Federal Government proposes amendments to Canada’s embryo research law

Author: Ubaka Ogbogu, 05/18/12

The Federal Government has proposed amendments to the Assisted Human Reproduction Act, the legislation that governs embryo research, including many aspects of stem cell research. The amendments, which are contained in an omnibus budget implementation bill tabled before Parliament on April 26, seeks primarily to implement the 2010 Supreme Court of Canada ruling that invalidated several provisions of the law on the basis that the power to enact those provisions belonged to the provinces. The bill also seeks to abolish Assisted Human Reproduction Canada, the beleaguered federal agency charged with the responsibility of enforcing the legislation. Other proposed changes include:

  • The licensing regime for research activities permitted by the legislation will cease to exist. This means that scientists will no longer require a license to conduct research on supernumerary IVF embryos, for keeping and handling gametes and embryos, or for transgenics. These activities are, in fact, no longer regulated under the statute. However, they would still be subject to other research regulations, such as the Tri-Council Policy Statement and the CIHR Guidelines for Human Pluripotent Stem Cell Research, or to future provincial regulations.
  • The revised statute will maintain the prohibitions on research involving embryos and gametes. This includes bans on creating embryos for research purposes, somatic cell nuclear transfer, buying and selling of human gametes, and possibly, the derivation of gametes from induced pluripotent stem cells. This, in my opinion, is a missed opportunity to revise aspects of the law that are out of touch with scientific realities and public opinion.
  • The provision that bars many experts (persons who are, have applied to be or are affiliated with others licensed to carry out research activities permitted by the Act) from sitting on the Board of Directors of Assisted Human Reproduction Canada will be repealed. Prior to September 2009, such experts were also barred from sitting on the Stem Cell Oversight Committee, the national research ethics board established to monitor and approve human pluripotent stem cell research protocols. The practice of excluding experts from oversight boards is unique to Canada and to human pluripotent stem cell research, and is primarily aimed at addressing issues arising from conflicts of interest in research ethics oversight. The rule has attracted some criticism, with some commentators (including myself) noting that it is an example of cutting off the nose to spite the face. To exclude experts from oversight activities that sometimes require intimate knowledge of the field seems a bit heavy-handed and ill-informed. A better strategy would be to create comprehensive and stringent rules for managing conflicts of interest. This is the approach taken in most other jurisdictions, including the UK, whose stem cell research regulator is generally regarded as a model of good governance and oversight. One hopes that with the repeal of this provision, CIHR would also amend its rules to address the exclusion of experts from SCOC.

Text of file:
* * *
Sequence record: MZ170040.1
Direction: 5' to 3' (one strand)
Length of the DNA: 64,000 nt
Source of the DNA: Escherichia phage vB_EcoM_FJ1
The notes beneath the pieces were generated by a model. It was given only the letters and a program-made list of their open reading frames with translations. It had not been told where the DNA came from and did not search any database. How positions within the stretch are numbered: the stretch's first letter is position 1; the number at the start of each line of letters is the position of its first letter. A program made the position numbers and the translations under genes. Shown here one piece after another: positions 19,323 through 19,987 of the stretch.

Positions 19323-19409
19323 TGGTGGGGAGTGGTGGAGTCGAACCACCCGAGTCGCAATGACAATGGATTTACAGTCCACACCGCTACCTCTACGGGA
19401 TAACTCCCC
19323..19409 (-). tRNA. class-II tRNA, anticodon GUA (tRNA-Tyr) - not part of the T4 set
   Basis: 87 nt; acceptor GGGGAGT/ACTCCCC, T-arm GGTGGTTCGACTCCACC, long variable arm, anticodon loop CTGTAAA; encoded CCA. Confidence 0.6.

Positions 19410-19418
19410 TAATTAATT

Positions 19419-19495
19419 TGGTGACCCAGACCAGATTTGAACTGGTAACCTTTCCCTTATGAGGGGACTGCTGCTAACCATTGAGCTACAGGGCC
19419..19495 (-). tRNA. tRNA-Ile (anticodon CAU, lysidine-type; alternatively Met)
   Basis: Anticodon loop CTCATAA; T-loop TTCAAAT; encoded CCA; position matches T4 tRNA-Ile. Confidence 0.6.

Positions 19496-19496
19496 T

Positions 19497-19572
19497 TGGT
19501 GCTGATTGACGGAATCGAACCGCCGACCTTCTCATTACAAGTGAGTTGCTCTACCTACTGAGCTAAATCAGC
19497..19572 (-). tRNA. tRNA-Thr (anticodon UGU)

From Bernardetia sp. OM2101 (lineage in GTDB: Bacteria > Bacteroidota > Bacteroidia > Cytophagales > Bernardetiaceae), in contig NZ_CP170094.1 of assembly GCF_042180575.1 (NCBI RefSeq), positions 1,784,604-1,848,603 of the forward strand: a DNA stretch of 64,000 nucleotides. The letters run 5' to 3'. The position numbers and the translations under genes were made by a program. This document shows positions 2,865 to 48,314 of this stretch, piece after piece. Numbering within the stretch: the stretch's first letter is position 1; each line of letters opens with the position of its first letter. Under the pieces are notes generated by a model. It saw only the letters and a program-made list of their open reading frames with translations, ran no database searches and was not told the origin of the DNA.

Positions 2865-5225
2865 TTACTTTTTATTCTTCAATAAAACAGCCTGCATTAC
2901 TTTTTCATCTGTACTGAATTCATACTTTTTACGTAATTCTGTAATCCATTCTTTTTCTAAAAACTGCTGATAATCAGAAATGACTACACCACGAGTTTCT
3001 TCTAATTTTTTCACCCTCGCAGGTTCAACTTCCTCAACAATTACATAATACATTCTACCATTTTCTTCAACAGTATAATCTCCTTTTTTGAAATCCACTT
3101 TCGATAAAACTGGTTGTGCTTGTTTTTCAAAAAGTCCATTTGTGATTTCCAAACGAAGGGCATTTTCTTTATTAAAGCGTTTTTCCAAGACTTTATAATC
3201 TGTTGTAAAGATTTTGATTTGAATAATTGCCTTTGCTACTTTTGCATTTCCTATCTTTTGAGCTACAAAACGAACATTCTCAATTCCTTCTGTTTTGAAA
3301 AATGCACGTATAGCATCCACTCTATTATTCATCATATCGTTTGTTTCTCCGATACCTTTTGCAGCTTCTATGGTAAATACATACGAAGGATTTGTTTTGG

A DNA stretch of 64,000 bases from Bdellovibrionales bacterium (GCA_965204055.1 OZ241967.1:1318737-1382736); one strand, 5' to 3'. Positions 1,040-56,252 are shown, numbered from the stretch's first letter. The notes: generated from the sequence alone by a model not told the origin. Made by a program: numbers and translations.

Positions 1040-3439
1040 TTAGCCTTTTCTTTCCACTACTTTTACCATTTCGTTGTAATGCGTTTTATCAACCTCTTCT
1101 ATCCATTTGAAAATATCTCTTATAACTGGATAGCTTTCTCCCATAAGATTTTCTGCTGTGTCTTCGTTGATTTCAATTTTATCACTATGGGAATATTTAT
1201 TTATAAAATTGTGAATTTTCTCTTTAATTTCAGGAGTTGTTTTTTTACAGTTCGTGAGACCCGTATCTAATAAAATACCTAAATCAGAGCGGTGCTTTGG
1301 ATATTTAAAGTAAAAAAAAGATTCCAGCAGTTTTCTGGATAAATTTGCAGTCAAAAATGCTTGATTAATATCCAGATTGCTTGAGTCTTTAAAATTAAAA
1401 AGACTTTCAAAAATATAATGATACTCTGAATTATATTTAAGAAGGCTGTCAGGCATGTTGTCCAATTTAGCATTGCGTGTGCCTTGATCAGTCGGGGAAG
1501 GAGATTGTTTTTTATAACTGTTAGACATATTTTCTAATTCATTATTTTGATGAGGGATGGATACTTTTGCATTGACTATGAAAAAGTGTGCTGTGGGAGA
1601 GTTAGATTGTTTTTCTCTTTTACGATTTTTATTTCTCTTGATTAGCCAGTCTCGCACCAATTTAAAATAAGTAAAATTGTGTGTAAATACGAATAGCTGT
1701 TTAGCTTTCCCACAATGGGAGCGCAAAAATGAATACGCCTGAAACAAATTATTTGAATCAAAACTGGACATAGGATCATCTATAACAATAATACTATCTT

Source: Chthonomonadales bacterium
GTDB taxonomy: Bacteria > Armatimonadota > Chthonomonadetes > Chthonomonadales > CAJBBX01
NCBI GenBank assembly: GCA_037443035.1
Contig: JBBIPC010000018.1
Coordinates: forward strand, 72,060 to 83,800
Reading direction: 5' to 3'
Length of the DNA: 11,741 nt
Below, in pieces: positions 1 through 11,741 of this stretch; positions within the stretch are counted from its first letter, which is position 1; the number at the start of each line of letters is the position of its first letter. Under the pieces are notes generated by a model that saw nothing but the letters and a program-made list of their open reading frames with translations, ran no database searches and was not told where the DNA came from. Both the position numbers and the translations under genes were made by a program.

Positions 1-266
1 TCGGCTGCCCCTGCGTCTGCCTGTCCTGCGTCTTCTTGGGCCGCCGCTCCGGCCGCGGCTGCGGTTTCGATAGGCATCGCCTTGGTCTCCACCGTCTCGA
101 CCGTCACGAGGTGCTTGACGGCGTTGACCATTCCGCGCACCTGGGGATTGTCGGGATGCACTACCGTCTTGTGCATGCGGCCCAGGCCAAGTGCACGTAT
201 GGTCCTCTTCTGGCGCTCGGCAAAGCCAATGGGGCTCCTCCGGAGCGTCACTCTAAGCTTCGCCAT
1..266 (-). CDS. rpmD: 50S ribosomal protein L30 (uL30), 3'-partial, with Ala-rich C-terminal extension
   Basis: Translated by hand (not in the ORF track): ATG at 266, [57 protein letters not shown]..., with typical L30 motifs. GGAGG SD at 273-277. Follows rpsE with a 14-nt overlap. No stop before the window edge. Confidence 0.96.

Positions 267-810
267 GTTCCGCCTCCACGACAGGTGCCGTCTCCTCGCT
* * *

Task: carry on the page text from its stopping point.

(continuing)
For those interested in seeing what the legislation would look like if the amendments are passed into law, I have prepared a draft revised version which you can download here.

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Ubaka Ogbogu

Ubaka Ogbogu is an Assistant Professor and the Katz Group Research Fellow in Health Law at the Faculty of Law, University of Alberta. His teaching and research interests include health law, law and biotechnology, law and bioethics, science and regulation, and legal history. Ubaka is a former SCN trainee and a recipient of the SCN Canadian Alumni Award. He has done extensive research work on the ethical, legal and social issues associated with stem cell research, and continues to research and publish in this area. Ubaka holds law degrees at the bachelors and masters levels from the University of Benin in Nigeria and the University of Alberta, and is currently in the process of completing a doctorate in law at the University of Toronto. His doctoral work focuses on the legal history of early health care and biotechnology policies in Canada, particularly in relation to smallpox vaccination and infectious diseases.
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